...stakeholders stated that the SRA should do more to tackle solicitors who act as professional enablers in fraudulent claims. Common areas of concern include the referral fee ban: many stakeholders argued that the SRA does not adequately enforce the referral fee ban, increasing the market for nuisance callers. The SRA argues that it is hard to effectively enforce because firms restructure themselves, often entering into a joint venture, to avoid it.
It then goes on to say:
…the SRA report that the legislation, built up over a 40 year period, gives it very different powers to issue financial penalties, and other sanctions, from other regulators.
The SRA argues that it is constrained in its enforcement capabilities because of the high burden of proof that is required to ‘prosecute’ solicitors suspected of serious misconduct. It is able to make its own enforcement decisions (such as issuing a financial penalty up to £2,000) against the civil standard of proof – that is, on the balance of probabilities. However, if it wants to enforce serious sanctions such as suspending or 'striking off' a solicitor, or imposing a substantial fine (above £2,000), it must 'prosecute' the case before the independent Solicitors Disciplinary Tribunal (SDT) which uses the criminal standard of proof, requiring that the case must be proven beyond all reasonable doubt.
The suggestion, therefore, is that the other regulatory bodies, such as the Information Commissioner's Office (ICO) and the Financial Conduct Authority (FCA) are perhaps better placed to potentially disrupt claims farming activity.
We covered the recent change in the regulator from the MoJ to the FCA in relation to claims management companies in part four of this series.
Year of the claims management company (CMC)
With the new Official Injury Claims portal now open for registration, claims management companies are now eligible to register as claimant representatives, this is new, as only law firms are eligible to register as claimant representatives to the existing claims portal.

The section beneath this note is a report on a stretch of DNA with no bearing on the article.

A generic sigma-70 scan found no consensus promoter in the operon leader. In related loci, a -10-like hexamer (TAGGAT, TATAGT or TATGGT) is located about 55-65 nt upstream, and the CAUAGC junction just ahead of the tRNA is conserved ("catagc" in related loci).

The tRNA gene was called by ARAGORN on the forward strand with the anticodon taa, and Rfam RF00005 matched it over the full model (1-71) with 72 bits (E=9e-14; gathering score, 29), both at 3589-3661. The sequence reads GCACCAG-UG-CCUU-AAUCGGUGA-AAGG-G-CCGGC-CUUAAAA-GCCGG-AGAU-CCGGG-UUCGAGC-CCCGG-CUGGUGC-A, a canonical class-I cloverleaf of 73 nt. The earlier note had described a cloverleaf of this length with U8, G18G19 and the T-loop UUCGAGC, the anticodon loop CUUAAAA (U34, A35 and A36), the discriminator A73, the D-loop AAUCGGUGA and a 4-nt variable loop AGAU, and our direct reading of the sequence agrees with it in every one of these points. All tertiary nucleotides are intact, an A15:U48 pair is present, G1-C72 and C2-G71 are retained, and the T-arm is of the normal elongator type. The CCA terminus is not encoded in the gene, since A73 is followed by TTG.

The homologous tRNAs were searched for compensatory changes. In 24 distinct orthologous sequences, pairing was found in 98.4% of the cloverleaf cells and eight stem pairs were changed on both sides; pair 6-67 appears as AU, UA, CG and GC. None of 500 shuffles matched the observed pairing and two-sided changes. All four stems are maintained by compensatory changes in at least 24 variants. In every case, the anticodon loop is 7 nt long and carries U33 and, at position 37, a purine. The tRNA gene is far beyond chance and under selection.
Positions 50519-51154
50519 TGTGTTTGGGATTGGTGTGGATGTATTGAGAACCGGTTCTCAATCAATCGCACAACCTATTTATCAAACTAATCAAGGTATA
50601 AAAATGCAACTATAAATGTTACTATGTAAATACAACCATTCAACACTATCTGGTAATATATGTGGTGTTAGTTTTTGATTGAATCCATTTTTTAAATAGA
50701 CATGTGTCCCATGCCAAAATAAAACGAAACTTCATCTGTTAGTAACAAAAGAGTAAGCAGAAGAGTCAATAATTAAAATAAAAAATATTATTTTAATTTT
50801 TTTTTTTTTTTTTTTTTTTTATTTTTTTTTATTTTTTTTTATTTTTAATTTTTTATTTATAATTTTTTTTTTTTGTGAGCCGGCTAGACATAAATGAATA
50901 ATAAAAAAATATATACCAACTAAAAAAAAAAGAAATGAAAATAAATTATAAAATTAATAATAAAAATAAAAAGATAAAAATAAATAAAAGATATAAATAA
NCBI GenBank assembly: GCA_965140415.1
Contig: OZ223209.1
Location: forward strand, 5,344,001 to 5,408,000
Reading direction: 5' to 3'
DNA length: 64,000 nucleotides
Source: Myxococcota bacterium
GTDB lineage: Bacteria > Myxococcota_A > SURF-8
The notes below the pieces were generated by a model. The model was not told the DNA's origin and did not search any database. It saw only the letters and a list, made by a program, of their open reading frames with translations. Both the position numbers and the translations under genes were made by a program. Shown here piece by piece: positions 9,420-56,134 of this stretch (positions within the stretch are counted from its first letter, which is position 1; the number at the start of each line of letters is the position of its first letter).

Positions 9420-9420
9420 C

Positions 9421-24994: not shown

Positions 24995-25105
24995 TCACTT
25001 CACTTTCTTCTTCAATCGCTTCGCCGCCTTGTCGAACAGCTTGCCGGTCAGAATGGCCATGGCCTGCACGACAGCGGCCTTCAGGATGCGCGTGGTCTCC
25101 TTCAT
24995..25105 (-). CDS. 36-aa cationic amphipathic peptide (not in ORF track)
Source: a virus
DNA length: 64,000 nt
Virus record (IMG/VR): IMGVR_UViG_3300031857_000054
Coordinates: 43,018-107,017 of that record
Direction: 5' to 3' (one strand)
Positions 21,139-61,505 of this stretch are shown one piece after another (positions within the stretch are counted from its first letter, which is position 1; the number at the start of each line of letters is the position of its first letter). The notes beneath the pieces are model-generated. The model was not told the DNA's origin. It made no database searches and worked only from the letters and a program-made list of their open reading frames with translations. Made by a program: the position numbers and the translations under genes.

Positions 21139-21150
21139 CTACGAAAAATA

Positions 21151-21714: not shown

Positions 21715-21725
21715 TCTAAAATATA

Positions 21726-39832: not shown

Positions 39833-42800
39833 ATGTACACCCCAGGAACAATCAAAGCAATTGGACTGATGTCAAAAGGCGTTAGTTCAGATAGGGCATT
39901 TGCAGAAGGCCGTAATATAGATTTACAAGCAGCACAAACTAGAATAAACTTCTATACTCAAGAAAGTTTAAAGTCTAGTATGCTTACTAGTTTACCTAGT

Who is eligible to register as a claimant representative?
For the purposes of this service, a claimant representative is any organisation completing the claim process on behalf of a claimant. Claimant solicitors and claims management companies are eligible to register as claimant representatives.
Official Injury Claims
CMCs registering will also need to be registered with the FCA in order to undertake claims management activities. We have seen the FCA taking more of an interest in claims farming activity in recent months ahead of the new claims portal launch.
The FCA has wider enforcement options and powers than the SRA and the ability to dish out higher financial penalties.
This next iteration of legal reform is stripping legal costs, but presenting new opportunities for CMCs. They can take centre stage in this space as claimant representatives rather than just referrers of work. The new claims portal has created the opportunity for CMCs to re-enter the personal injury market in a more meaningful way.
CMCs no longer need to refer claims or maintain relationships with law firms, they can profit from damage-based assessments and additional services supplied to the claimant as part of their rehabilitation or replacement vehicle services.